or to give its full name: Urban Flowers creating abundance in a small city garden. I was asked if I would like to review this book and I happily said yes. Whilst I currently have a fair-sized garden for an urban environment I have lived with much smaller gardens in cities/large towns for most of my life. There are lots of books written about gardening small spaces, but this one offers far more than most.
The book takes us through gardening basics such as understanding our soil. I like Carolyn's descriptions of soils as they are easy to understand and not too complicated. There are also good descriptions of perennials, bulbs, tubers and annuals etc. Carolyn makes no assumptions as to level of knowledge and also does not patronise; this is very welcome. There are boxes in the text of hints and tips, such as buying potting compost and these are good common sense tips.
The book works when discussing small spaces. It is a frequent bug-bear with books that claim to cater for small gardens as to how small is small? Carolyn describes working with really quite small areas. Many of the projects Carolyn discusses involve containers of all different shapes and sizes. Some are as simple as what you can place on a table or hang from a wall. There is a real feeling that there is something you can plant where-ever you are living.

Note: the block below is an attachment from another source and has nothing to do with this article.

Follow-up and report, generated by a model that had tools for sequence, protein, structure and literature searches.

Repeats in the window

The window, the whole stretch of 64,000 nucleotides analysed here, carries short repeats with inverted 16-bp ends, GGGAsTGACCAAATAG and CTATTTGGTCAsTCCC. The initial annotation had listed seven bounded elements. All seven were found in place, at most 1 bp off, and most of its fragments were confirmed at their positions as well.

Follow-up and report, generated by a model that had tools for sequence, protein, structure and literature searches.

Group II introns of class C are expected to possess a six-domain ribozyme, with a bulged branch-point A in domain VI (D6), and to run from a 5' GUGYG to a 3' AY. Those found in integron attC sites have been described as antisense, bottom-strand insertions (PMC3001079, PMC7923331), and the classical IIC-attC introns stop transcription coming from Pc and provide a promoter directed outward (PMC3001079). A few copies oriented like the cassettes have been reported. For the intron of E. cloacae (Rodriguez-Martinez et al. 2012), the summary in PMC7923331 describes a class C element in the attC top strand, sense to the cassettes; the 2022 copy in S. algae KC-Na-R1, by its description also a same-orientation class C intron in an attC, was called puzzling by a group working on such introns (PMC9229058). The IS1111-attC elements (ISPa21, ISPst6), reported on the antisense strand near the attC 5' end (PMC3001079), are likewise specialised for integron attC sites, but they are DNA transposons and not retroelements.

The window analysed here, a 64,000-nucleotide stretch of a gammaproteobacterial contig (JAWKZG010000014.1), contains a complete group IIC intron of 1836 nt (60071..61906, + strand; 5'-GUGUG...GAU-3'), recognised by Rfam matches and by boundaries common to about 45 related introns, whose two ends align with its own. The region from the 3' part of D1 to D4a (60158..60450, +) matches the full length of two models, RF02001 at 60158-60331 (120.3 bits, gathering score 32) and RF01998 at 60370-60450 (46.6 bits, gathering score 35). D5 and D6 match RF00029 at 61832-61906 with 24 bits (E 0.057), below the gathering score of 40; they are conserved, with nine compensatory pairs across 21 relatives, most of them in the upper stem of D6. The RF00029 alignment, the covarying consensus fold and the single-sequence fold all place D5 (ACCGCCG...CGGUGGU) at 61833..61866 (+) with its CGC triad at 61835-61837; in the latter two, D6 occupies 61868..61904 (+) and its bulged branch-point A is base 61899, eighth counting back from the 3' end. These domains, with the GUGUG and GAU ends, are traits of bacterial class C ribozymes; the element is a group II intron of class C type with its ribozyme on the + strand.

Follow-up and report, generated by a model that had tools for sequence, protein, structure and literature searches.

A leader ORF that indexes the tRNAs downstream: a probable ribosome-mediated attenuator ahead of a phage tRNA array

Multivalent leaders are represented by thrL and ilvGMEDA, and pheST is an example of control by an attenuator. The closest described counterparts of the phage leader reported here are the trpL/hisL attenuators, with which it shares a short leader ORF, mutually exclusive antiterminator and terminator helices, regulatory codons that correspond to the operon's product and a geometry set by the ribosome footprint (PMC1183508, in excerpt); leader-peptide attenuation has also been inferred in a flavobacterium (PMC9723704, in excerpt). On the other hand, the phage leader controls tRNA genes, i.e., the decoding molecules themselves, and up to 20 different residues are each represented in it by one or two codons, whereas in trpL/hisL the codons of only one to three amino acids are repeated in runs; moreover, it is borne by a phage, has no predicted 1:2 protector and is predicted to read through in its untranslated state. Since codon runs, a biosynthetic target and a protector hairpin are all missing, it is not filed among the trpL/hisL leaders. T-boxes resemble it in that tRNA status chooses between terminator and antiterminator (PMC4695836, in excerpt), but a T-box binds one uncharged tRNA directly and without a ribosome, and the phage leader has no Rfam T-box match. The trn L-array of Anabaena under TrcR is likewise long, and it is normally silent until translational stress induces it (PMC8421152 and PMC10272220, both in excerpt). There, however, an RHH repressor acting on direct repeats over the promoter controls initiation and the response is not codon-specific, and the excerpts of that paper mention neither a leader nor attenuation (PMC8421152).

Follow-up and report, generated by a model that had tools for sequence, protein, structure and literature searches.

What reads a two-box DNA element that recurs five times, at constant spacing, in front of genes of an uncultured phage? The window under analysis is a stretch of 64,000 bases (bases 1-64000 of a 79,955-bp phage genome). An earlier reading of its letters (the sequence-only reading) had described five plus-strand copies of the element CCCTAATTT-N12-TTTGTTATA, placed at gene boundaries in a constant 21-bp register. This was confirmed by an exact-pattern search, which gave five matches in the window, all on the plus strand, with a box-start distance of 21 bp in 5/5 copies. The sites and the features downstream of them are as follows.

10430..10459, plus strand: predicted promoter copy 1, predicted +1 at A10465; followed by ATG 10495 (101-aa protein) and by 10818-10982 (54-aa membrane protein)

There are chapters about different styles of gardens. The photographs by Jason Ingram complement the text perfectly and add to the inspiration. Just when you think what is left to talk about in the book, Carolyn takes us into different colour combinations and gives us examples of plants we might like to try. There are also small projects that can be used to enhance very small spaces.
I liked this book a lot. I was amazed at the amount of good information and advice that was packed into it. If you have a new garden it would extremely useful and for the more experienced it gives good advice and ideas.
Urban Flowers is published by Frances Lincoln.